Where the trial court, after its de novo review, grants an order confirming, modifying or correcting the award, "[t]here shall be no further appeal or review of the judgment or decree." N.J.S.A. 2A:23A-18b; see also Riverside Chiropractic Grp. v. Mercury Ins. Co., 404 N.J. Super. 228, 235 (App. Div. 2008); N.J. Citizens Underwriting Reciprocal Exch. v. Kiernan Collins, D.C., LLC, 399 N.J. Super. 40, 47 (App. Div.), certif. denied, 196 N.J. 344 (2008); Weinstock v. Weinstock, 377 N.J. Super. 182, 189 (App. Div. 2005). However, appellate review is not barred where it is "'necessary for [this court] to carry out its supervisory function over the courts.'" Morel v. State Farm Ins. Co., 396 N.J. Super. 472, 475-76 (App. Div. 2007)); see also Collins, supra, 399 N.J. Super. at 48; Weinstock, supra, 377 N.J. Super. at 189. "[T]his 'supervisory function' permits our exercise of appellate jurisdiction when a trial court has exceeded its jurisdiction," Collins, supra, 399 N.J. Super. at 48, or failed to properly apply the relevant statutory standards, Morel, supra, 396 N.J. Super. at 476. However, "when the trial judge adheres to the statutory grounds in reversing, modifying or correcting an arbitration award, [this court has] no jurisdiction to tamper with the judge's decision or do anything other than recognize that the judge has acted within his jurisdiction." Collins, supra, 399 N.J. Super. at 48. Therefore, we will "review the decision of the trial judge . . . for the limited purpose of determining whether he exceeded the authority granted to him by the APDRA," ibid., or whether he failed to apply the legal principles dictated by the Legislature, Morel, supra, 396 N.J. Super. at 476.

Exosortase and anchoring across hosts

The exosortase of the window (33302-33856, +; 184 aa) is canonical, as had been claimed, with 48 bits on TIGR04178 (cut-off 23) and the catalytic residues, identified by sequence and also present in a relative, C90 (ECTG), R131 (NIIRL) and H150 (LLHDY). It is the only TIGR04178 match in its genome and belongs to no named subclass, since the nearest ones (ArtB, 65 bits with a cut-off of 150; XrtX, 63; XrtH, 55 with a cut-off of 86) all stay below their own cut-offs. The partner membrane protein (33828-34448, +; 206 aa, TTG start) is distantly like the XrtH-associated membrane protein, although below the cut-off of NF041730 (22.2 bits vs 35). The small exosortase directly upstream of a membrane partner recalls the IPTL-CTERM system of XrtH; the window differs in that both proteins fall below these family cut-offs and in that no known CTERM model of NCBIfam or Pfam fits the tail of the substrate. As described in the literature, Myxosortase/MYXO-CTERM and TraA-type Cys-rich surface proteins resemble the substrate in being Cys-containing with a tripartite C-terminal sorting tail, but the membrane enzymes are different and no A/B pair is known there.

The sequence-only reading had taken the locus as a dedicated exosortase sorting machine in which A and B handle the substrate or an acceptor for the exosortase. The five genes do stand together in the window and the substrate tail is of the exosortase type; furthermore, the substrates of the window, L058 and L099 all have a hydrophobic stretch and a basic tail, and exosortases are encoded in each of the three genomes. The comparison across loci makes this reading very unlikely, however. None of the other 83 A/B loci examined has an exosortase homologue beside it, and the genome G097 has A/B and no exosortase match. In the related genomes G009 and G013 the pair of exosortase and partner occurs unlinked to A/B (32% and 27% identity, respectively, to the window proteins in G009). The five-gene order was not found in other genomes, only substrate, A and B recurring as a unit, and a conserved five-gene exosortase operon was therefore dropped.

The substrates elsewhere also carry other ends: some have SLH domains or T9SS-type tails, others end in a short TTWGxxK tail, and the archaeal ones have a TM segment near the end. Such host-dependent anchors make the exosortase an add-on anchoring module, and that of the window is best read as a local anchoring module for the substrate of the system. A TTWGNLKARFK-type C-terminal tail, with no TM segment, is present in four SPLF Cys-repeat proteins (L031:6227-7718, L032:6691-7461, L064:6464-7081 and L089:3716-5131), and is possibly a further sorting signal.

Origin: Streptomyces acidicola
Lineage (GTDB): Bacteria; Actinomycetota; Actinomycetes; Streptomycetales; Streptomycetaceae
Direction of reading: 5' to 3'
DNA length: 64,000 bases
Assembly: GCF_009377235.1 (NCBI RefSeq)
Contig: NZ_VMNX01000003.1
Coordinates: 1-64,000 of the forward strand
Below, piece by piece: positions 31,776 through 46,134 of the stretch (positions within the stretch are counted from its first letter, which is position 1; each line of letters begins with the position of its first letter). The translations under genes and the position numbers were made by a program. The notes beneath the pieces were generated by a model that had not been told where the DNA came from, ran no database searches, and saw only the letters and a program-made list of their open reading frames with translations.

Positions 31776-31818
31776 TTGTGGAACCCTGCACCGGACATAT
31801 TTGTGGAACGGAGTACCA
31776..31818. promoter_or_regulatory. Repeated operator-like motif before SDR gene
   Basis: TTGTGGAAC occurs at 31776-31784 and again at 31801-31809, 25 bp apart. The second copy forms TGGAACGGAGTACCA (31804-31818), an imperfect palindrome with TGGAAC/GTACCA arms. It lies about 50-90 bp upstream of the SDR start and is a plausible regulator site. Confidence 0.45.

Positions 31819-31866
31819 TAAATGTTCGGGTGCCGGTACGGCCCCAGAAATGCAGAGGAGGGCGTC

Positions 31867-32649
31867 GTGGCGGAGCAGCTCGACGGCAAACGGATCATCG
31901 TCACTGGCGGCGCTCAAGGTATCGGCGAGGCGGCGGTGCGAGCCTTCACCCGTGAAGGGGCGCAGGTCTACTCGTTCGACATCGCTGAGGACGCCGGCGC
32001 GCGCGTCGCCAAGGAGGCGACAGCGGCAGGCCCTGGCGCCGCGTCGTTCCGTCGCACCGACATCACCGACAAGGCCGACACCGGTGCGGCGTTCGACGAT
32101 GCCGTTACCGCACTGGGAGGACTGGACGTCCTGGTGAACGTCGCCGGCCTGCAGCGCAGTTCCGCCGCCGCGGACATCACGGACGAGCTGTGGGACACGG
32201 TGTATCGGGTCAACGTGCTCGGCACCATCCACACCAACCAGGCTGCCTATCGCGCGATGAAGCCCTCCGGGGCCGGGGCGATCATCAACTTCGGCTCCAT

Applying these standards, we conclude that we must exercise our supervisory function because the judge failed to properly apply the dictates of N.J.S.A. 2A:23A-13b. An independent review of the record is the essence of a de novo review. See State v. Kashi, 360 N.J. Super. 538, 454 (App. Div. 2003), aff'd, 180 N.J. 45 (2004). The judge's role was not, as was the case here, to essentially affirm or reverse what occurred before the DRP, but to review the record and make an independent determination of the issue before him. The judge made no independent review of the facts relevant to the three issues to determine ...